So where do you find all this beer? Well, in Lisbon there are plentiful options now. The supermarkets Continente, Jumbo and El Corte Ingles have committed to stocking a range of beers from smaller breweries, as well as the big boys now. Some of these are imports but, if you want to support local brewers, there’s a decent arrange in mid-sized markets and up. Three breweries are Lisbon based and offer tours of their facilities and tasting packages. Check out Dois Corvos and Oitava Colina – two of my absolute favourites and make a booking. You can also learn more about Musa, whose music themed brews are all excellent, but whose pilsner – Mick Lager – might just be the best lager I’ve ever tasted. And I lived in Poland, people. An honorable mention must find its way up the coast, too, to Mean Sardine, of the glorious Ericeira, whose beers are also great and who are really pushing the boundaries with experimental beverages – their recent Yellow Submarine-based, single hop IPA was astonishingly good.

If you don’t want o visit a brewery, and it’s not everyone’s cup of tea, there are also some establishments in Lisboa who are making a point of stocking excellent beer all of the time. You can find Oitava Colina’s beer on tap all year round at Trobadores, a medieval themed bar who also sell mead, cocktails and decent food and the daddy of beer halls in Lisbon, Lisbeer has to get a mention. They always have a wide variety on tap, as well as a huge raft of bottled beers from Portugal and around the world. The staff are knowledgeable and can recommend something for (almost) every palate, and they can usually provide you with a glass to match the beer you’re drinking. Finally, one of my favourite places to eat in Lisbon, Ground Burger, not only produce the best burgers I’ve eaten in my life to date, they also stock more than 70 craft beers, the majority of which are domestically produced. I’ll drink to that!

So, the next time you’re going for a beer with your friends in Lisbon, or even if you’re just visiting for a weekend, rather than taking that 1 euro imperial of bland fizzy stuff, why not reach deeper in to your pocket and have something you’ll really enjoy? Cheers! Saúde!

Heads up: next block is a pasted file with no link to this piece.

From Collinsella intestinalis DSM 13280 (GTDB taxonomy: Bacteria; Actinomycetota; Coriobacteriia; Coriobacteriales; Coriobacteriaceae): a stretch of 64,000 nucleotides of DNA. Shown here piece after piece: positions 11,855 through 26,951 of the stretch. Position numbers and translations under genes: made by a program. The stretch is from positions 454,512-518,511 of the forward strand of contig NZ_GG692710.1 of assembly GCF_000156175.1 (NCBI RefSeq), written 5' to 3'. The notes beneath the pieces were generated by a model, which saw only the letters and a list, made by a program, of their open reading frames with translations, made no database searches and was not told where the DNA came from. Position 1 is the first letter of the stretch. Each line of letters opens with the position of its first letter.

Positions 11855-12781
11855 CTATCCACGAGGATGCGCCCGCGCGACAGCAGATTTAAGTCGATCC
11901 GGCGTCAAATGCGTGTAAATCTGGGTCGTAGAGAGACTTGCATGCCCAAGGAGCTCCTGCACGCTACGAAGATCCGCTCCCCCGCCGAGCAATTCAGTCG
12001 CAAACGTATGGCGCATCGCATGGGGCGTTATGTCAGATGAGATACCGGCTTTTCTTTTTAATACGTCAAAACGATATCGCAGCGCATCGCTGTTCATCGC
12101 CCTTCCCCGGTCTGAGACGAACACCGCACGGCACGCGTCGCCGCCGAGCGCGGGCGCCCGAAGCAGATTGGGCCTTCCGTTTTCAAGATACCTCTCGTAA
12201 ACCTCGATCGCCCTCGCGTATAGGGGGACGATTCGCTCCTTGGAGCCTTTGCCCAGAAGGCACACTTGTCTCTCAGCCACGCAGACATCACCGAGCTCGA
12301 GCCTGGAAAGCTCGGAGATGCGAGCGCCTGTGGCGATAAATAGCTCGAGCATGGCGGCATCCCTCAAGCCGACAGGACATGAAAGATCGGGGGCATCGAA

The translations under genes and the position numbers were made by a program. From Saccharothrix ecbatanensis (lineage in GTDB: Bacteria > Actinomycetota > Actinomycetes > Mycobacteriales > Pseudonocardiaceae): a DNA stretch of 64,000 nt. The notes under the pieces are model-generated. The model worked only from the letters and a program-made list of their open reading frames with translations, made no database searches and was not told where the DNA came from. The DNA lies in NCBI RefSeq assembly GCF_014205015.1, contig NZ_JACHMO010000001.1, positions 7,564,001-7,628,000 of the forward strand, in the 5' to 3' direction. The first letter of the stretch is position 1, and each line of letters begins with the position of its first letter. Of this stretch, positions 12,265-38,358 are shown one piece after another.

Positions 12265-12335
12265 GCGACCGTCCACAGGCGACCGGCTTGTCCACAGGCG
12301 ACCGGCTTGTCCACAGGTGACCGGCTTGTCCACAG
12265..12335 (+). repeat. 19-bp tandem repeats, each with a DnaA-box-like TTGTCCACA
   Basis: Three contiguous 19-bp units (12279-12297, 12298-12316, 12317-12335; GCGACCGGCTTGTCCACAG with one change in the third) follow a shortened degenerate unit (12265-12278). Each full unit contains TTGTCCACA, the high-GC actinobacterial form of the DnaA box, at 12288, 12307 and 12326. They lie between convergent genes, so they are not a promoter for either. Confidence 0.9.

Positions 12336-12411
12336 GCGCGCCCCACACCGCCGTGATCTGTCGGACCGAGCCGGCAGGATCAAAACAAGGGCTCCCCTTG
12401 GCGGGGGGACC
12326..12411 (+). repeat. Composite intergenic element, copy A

3 Gems You Might Miss if You Don’t Know Where to Look

It’s been a busy few weeks since the start of the school year, hence the radio silence here on umlisboetaingles.

Living and working with people who have, in many cases, been here a fair number of years, it always surprises me how many gems I manage to find that no-one I know has ever heard of. Recently, I’ve happened upon three such places, which I really think anyone living in, or simply visiting Lisbon, could well do with adding to their to-do lists.

1 – 1300 Taberna

Located in the ultra-hip LX Factory, 1300 Taberna is a restaurant offering a range of Portuguese and International cuisine, with the accent on an haute cuisine approach. The restaurant is tucked away in one of the buildings in the middle of the old factory complex and, personally, I had never heard of it. I found myself in the area with some friends who were visiting from England and decided to check it out. I was so pleased that I had done, that I went back with my fiancée four days later. On both occasions all present were bowled over by the food, while the decor, ambience and service are also top. For more information, take a look at the trip advisor entry, here.

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This slab of pork, with peas and ham, and morcela farofa was a prime example of why I went back so quickly

2 – Aromas e Temperos

The discovery of this one I owe to one of my favourite Lisbon instagrammers and foodies, a lad called Duarte. He seems to spend most of his time going to restaurants with the kind of food that makes me hungry even when I sleep and so, when he started visiting Aromas e Temperos every couple of weeks and posting pictures of sumptuous looking Portuguese Brazilian fusion food, I began following them and it was only a matter of time before I found myself there.

The food is delicious, plentiful and modestly priced, with a two-course lunch menu setting you back only 10 Euros, if you choose the prato do dia (dish of the day). I did just that on my first visit and found myself feeling well and truly stuffed with food that was delicious, substantial but also healthy (or not unhealthy, at least!) It’s also located very conveniently for most Lisboetas and visitors alike, just off Almirante Reis, near to the Arroios metro stop on the green line.

I’m told dinner is also great, so that’s next on my to do list. Learn more about the place here.

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Crispy coated fish with farofa and Brazilian style bean and bacon rice

3 – Café da Garagem

Nestled in behind the castle of St George in Lisbon’s ancient Alfama district, Café da Garagem is the basement floor of an artistic exhibition space, known as Quinta da Garagem. The exhibition space always has something interesting going on, be it in the form of sculpture, collage or even fashion exhibits. The real reason I come here though is to find a quiet place, usually on the open terrace looking out to the sprawling mass of decay and rejuvenation that is the Mouraria district, all the way up to Graca’s recently remodelled park and the cathedral.

It helps, of course, that this place does what I think is one of the best cappucinos in town, as well as imaginative and delicious toasts and some really indulgent, homemade cakes. The staff are always super friendly and helpful and there’s usually some nice music playing in there, making it both a great place to go with friends, and on other occasions, to lose yourself in a good book. You can find out more about it here.